Even aside from the actual fruits and vegetables, there are ways to get more out of what you buy. You can use the peels and repurpose them into soups and stocks. Ordinarily, people throw these out without knowing their potential, so it can be handy to look up what you could do with them.
Small Reusables Are Must-Have
Reusability is often more effective than recycling. Recycled goods end up in a landfill anyway (for most countries) or rely on deforestation for paper goods, so it’s best to have as few throwaway goods as possible. So, I’m sure you’re doing the usual and a lot of the basics are not news to you.
You’re probably on a steep regiment of reusable shopping bags and upcycled goods. That’s great. But my mission statement here is to talk about the overlooked yet small changes that count (and if possible, keep the standard of living of the reader the same or improve it).
Something as simple as paper towels is something you may not really need. A decent washcloth is far better as it has a massive lifespan and can just be tossed in with your laundry at minimal extra cost. Are you wiping surfaces with paper towels every time? It can be far more inconvenient to keep buying new ones. Cycling through a few reusable rags and dishcloths is far better both for your wallet and your sustainability goals.
Another simple example is keeping your own reusable water bottle with you rather than opting for buying plastic water bottles. According to the United Nations University Institute for Water, the world produces 600 billion plastic water and/or soft drink bottles a year. There’s no need for it to be almost 100 times the human population.
In a similar vein, opt for lids instead of cling wrap or other single-use plastic containers. A food container box (to avoid microplastics) can be a great way to store food more effectively and keep your waste to a minimum. It’s also more effective to carry with you on a picnic or hike than a flimsy film of plastic.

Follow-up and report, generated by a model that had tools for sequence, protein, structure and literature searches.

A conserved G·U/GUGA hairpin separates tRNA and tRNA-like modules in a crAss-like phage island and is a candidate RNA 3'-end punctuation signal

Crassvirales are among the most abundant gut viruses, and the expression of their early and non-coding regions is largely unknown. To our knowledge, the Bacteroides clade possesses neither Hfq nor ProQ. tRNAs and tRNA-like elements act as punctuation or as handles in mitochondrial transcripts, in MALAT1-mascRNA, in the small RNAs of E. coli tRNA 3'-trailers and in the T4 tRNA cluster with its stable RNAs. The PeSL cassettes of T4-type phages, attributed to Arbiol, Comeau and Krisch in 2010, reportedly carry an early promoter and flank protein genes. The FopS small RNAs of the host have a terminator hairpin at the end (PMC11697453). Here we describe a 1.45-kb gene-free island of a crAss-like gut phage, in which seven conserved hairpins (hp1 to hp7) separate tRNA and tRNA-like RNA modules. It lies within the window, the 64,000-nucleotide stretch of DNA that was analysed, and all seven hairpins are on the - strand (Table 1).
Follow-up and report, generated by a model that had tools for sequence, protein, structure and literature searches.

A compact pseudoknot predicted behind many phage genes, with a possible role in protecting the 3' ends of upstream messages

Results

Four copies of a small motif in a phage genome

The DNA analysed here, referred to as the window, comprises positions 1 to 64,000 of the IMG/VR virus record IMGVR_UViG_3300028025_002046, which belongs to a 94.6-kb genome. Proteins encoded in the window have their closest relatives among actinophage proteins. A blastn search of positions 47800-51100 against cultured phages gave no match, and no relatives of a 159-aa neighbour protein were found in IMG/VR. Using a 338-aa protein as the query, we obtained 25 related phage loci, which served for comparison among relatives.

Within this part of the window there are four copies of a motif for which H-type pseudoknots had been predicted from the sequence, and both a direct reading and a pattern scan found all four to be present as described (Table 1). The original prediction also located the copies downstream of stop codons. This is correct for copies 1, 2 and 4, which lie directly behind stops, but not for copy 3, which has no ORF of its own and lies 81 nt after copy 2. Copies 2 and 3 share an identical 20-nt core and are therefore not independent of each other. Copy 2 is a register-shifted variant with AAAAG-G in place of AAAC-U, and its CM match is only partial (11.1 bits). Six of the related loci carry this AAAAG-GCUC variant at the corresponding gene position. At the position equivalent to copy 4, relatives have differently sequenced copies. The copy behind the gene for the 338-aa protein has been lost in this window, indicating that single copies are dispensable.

A quality over quantity approach takes a bit of adapting but it's ultimately more beneficial for you and the planet.
Repurpose Old Clothes
You got some jeans that are worn out from the ankles? Why waste 90% of the excellent material when you could cut it into summer shorts? Or alternatively, invest in some sowing equipment to get the most out of everything.
I use old shirts as rags for wiping the floor, for example. Clothe waste is a consequence of fast fashion and the way we think about disability in general. Altering the way we see used or damaged products can be a great way to curb this area of unnecessary waste and save on needless spending.
Reuse Cooking Oil
On a basic level, oil waste is often unnecessary. Sure if you’ve got it discoloured and smelly, it may not be healthy. However, a while ago, I realised I was wasting a lot of it while frying my eggs. Now, I keep a glass container for reusing it and it has been a great way to minimise constant oil consumption.
Even aside from cooking, people have been repurposing their cooking oil as biodiesel or animal feed. Even though they may not be for everyone (not everybody can afford a biodiesel boiler), these uses are things we rarely think about.
There are companies and even apps that are based around locating places where you can donate used cooking oil, which is an ingredient in soaps, cleaning materials, and so much more. Be sure to keep the oil around if you’re worried about overuse. Your trash could be someone else’s treasure.
Hopefully, this little resource has been handy in giving you some new ways to live sustainably. While the little things aren’t everything, they can certainly help us on our way to a more eco-conscious way of living.